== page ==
Not sure if it belongs here, I’m assuming so since this relates to study help. Anyways, I read the pdf that this site provides (helpful tips for sure). I wrote and drew 10 locations that I can think of. I drew them at the macro level (stations). My question is this, how do I organize my study material for each palace?
I want to learn all the chemical elements in the periodic table, alongside other info (hazard levels, etc). None of my locations relate to chemistry or science (they are merely location of apartments and past homes). How would that work? Is the whole idea to simply imaginate how a Bedroom and chemistry coexist together in a memorable way? Or would one recommend to attach chemical properties to a different location like my college campus laboratory?
I’m having a dilemma, I only remember in good detail specific locations, if i utilize all those locations then surely I’ll be stuck with no more palaces (I’m a beginner, can’t incorporate locations from fantasy as actual palaces just yet). Any tips?
I’ve never memorized the periodic table but you might find some tips here:
I use memory palaces to learn laws and things related to it. Usually, it doesn’t really matter which locations I use, I just have to make sure, that the information I put there is easy to recall. So for example, if I memorize something about decision of the federal court, the location doesn’t have to be in a court room, it might be a supermarket, gym, house etc. I just have to come up with images that represent the information, add action and emotion to it and let it interact with the locations in a memorable way.
When I memorize a law (or in this case the Swiss Constitution) one location could look like this:
Information I’d like to remember: Art. 131 - Special consumption taxes
Location: Bus stop on my way to work
Image: Al Capone (13) with a candle (1) in his hand, walks along side the bus stop and wants the people who are waiting there to pay him taxes, one person is smoking tobacco, one is drinking beer, another one is holding a part of a car (door) in his hand and a petrol can in his other hand.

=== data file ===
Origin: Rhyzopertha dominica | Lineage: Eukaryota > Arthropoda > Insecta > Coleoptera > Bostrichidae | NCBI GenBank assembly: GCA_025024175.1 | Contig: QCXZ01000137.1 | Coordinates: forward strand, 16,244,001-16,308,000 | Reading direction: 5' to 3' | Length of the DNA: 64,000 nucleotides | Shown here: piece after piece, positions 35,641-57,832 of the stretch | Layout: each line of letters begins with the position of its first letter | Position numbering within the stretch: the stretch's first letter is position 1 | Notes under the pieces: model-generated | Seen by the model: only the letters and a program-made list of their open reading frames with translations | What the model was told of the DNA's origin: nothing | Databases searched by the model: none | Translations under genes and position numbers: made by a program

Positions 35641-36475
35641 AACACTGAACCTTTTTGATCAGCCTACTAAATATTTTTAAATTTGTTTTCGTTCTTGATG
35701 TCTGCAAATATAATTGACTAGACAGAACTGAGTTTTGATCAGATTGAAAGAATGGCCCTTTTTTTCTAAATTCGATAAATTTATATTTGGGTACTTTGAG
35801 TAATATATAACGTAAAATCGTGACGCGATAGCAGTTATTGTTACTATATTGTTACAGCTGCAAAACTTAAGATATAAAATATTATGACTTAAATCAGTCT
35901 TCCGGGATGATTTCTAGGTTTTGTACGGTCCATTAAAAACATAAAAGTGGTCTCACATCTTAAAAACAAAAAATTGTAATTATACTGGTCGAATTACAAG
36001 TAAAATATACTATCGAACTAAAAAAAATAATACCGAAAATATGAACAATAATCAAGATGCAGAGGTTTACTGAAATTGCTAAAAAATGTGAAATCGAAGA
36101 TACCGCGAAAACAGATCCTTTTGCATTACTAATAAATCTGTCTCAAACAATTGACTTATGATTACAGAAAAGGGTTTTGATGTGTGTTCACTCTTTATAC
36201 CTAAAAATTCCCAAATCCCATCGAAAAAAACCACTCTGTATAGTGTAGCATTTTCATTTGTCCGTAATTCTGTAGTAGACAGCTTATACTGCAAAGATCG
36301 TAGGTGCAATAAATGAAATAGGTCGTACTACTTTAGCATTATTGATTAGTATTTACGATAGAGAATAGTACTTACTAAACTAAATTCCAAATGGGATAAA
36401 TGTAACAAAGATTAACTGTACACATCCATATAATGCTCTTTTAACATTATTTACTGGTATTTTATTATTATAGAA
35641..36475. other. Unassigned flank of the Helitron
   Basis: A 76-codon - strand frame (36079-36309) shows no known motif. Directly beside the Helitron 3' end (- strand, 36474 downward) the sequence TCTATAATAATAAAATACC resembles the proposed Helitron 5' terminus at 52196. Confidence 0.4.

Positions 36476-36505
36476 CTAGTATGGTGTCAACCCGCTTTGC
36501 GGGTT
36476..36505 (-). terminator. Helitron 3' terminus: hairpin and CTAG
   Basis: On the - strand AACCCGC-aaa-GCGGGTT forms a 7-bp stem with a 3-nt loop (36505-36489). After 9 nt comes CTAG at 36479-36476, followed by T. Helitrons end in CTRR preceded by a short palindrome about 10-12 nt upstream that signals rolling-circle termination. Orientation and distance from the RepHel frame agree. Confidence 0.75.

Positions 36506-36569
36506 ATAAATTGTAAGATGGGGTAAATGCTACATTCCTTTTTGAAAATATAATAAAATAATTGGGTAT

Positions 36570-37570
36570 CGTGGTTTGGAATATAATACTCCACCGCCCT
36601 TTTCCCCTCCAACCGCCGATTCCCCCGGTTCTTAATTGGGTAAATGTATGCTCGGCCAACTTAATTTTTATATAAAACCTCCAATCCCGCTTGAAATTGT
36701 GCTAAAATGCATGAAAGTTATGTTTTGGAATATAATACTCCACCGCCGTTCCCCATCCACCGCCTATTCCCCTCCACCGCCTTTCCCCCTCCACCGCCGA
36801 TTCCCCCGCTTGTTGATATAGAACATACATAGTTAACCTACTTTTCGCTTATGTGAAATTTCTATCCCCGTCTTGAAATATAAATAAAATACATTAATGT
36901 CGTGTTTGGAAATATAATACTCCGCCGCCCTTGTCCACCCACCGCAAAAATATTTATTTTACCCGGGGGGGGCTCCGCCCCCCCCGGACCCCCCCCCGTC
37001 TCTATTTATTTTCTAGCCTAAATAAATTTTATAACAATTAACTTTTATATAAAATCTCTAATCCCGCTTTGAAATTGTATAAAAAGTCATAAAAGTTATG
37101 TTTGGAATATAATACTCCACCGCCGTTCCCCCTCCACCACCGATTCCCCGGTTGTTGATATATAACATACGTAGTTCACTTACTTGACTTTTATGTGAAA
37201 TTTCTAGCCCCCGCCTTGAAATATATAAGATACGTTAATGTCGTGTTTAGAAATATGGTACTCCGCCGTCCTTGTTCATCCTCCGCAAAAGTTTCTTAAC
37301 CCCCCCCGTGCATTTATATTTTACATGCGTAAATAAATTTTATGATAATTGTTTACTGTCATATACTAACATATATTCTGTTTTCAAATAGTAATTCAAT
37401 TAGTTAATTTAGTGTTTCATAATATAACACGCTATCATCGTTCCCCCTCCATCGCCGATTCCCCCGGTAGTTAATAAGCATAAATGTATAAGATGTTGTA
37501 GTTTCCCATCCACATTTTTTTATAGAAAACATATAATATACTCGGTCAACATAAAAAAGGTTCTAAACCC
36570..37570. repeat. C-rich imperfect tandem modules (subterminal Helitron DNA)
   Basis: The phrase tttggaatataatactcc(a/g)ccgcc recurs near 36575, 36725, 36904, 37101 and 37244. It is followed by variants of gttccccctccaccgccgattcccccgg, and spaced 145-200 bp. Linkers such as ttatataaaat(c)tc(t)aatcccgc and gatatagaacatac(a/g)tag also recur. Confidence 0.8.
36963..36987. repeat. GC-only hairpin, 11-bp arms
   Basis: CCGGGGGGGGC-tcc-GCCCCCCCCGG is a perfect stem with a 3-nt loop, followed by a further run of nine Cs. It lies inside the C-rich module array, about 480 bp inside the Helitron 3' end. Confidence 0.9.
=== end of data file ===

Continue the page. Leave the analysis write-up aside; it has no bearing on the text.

I try to actually see the smoke from the tobacco that’s smoked, maybe the person with the beer can throws it to the ground after drinking it, it makes a sound of the can falling to the pavement, the last person trips and the petrol leaks all over the pavement.
As you can see I didn’t come up with an image for “special consumption taxes”, but I still remember that, since I added more detail to it, (tobacco, beer/alcohol, car parts, mineral oils fall under the definition of “special consumption”). What I’d like to tell you, is that you don’t have to have exact images for everything and the information doesn’t have to be related to the location. What’s important is to make memorable images.The petrol could also be spilled in a location inside a house. The person smoking tobacco could be in a living room, you might even get annoyed that this person is so inconsiderate to smoke in your house. For me, these kinds of things like action and emotion, are far more important than that the location fits the information perfectly.
Thank you for that. The example helped a ton. Also I never imagined that a gym can be a palace and a bus stop. Now that I think about, seems I can link any location to any idea to memory.
I’m saving your post forever. Thank you for your time. I will incorporate the periodic table within my gym location. Seems to fit the idea I want, memorize the effects chemicals have on our body. I will definitely post my journal for that location today or tomorrow.
I usually just start in a location that I know and go from there. When I memorized the key facts of all 197 Articles of the Swiss Constitution, I just started at my front door and went on the way to my work place and through a shopping center where it ends. I didn’t plan ahead, I just added more as I went on. Usually it’s best to just try it out, don’t overthink it
I tend to use rather big locations when I start so I can go in a bit more detail if I want to add more information. For example, if you’d measure the bus stop I described, you’d probably end up with about 50 meters. If I know a location well, I can put more information there. Usually, I try to go with what comes naturally so it doesn’t get exhausting.
For the 197 Articles (actually there are more since sometimes it’s something like Art. 75, 75a, 75b etc.) I use 1 location per Article. So for the Swiss Constitution that would be around 200 locations. The actual journey would be across more than 6 kilometers, but in some areas where I don’t know it very well, it sometimes skips a lot of the “unmemorable” parts of the journey. Sometimes there are hundreds of meters between the locations, just because the next “big” or “memorable” location is so far away. Don’t force it with the locations, use the ones that come to you easily. As long as you don’t confuse the order it’s all good.